“I believe it's the employees and the culture,” Hellman muses. “I have met people from the entire organisation at numerous occasions over the last six years, even before the IPO [in March 2015], and everyone really enjoys working at Evolution, from the croupiers up to the CPO and CEO. I must really give it to Jens [Von Bahr], Fredrik [Österberg] and Richard [Hadida], the Founders of Evolution, as they have created not only a great working environment but also a winning mentality. What sets Evolution apart is that they are not competing with anyone else but with themselves – they are constantly trying to better themselves and become a little bit better than they were yesterday. It’s fantastic to see.”

It is additionally worth noting that what Evolution has done exceptionally well is ensure players must click onto the Evolution lobby, even when on an operator's site.


A rich heritage

Whether it’s Evolution, Better Collective or another innovative Swedish supplier in Yggdrasil, it’s clear Swedish gaming firms have not just built such an international position out of thin air. Any competing nations wanting to replicate this must look to Sweden’s rich history in gaming – and in fact more broadly. According to Hoffstedt, it is “important to emphasise gambling is only part of the success story.” He adds that skilled employees in Sweden have been able to choose between not only gambling firms but also companies with related activities, such as payments services (Trustly – heavily involved in gambling – and Klarna), videogaming (Minecraft’s Mojang) and music streaming (Spotify).

“Success breeds success,” Hoffstedt beams. “Those who have already reached success invest their capital in new talents. In terms of share of GDP invested in venture capital, Sweden is only behind Luxembourg within the EU, according to consultancy firm Copenhagen Economics. And Stockholm, with its 0.8 unicorns – i.e. start-up company with a value of at least $1bn – per 100,000 inhabitants, is globally only behind the San Francisco Bay Area with its 1.4 unicorns per 100,000 inhabitants.”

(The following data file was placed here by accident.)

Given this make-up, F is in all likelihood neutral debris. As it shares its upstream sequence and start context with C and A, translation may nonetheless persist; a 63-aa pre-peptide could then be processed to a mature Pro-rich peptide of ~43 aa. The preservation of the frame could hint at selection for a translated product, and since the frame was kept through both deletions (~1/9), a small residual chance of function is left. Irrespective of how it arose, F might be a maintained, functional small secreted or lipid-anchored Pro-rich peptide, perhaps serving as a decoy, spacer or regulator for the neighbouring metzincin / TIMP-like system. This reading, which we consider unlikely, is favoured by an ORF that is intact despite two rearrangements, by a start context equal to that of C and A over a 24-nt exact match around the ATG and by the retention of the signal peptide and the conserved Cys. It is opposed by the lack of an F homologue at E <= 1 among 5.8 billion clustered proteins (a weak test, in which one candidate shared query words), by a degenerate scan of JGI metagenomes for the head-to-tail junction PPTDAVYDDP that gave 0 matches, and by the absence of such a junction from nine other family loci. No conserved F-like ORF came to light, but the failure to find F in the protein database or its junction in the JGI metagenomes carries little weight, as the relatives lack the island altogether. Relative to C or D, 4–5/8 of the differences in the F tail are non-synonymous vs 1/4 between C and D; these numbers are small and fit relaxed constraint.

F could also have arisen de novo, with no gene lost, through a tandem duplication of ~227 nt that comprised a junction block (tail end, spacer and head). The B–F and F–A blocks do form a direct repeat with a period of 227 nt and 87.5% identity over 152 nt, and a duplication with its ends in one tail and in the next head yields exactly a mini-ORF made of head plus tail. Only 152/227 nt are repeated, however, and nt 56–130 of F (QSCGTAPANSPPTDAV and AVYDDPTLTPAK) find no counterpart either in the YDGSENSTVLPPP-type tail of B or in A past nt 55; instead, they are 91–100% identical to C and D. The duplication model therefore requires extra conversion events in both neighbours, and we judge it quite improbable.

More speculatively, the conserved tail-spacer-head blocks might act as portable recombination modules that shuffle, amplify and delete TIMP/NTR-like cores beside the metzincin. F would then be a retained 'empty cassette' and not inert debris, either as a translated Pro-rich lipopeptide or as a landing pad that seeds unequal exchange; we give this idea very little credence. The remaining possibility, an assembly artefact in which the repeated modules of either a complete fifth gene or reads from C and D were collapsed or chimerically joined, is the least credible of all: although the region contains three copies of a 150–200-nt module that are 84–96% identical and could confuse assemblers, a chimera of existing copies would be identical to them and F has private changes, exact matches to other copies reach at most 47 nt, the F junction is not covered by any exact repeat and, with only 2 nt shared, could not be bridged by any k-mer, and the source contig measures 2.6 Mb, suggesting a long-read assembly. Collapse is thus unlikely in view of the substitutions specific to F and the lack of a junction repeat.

While Sweden’s population may perceive its own country as small, in reality the country is one of a dozen EU members with a population of at least 10 million. But Hoffstedt believes this perception of a lack of size has created several beneficial characteristics for the Swedish people – and its businesses.

He explains:

  1. First, there are no free lunches. Sweden has no self-written command height, but every position must be fought for.
  2. Secondly, Swedes believe, as previously mentioned, that Sweden is far too small. International scalability is therefore a must from day one.
  3. Thirdly, Sweden has a consistently low degree of hierarchy in Swedish society, which benefits job satisfaction, meaning everyone's ideas are taken advantage of.
  4. Fourth, access to qualified employee skills. The most common professional category in the Stockholm region is not a nurse or a teacher – but a programmer.


Pioneers of the market

While the mantra of Swedish business as a collective has become well established over the years, there have naturally been key individuals along the way who have elevated Swedish gaming. When you think of great art, you immediately think of Pablo Picasso and Leonardo Da Vinci; when you think of great music, you think of Wolfgang Amadeus Mozart or Johann Sebastian Bach. The same concept can be applied to anything from sport and cinema to large-scale business– Steve Jobs, Bill Gates, Elon Musk etc. Though this will apply on a smaller scale here, Swedish gaming equally has its own forefathers and role models, according to Hellman.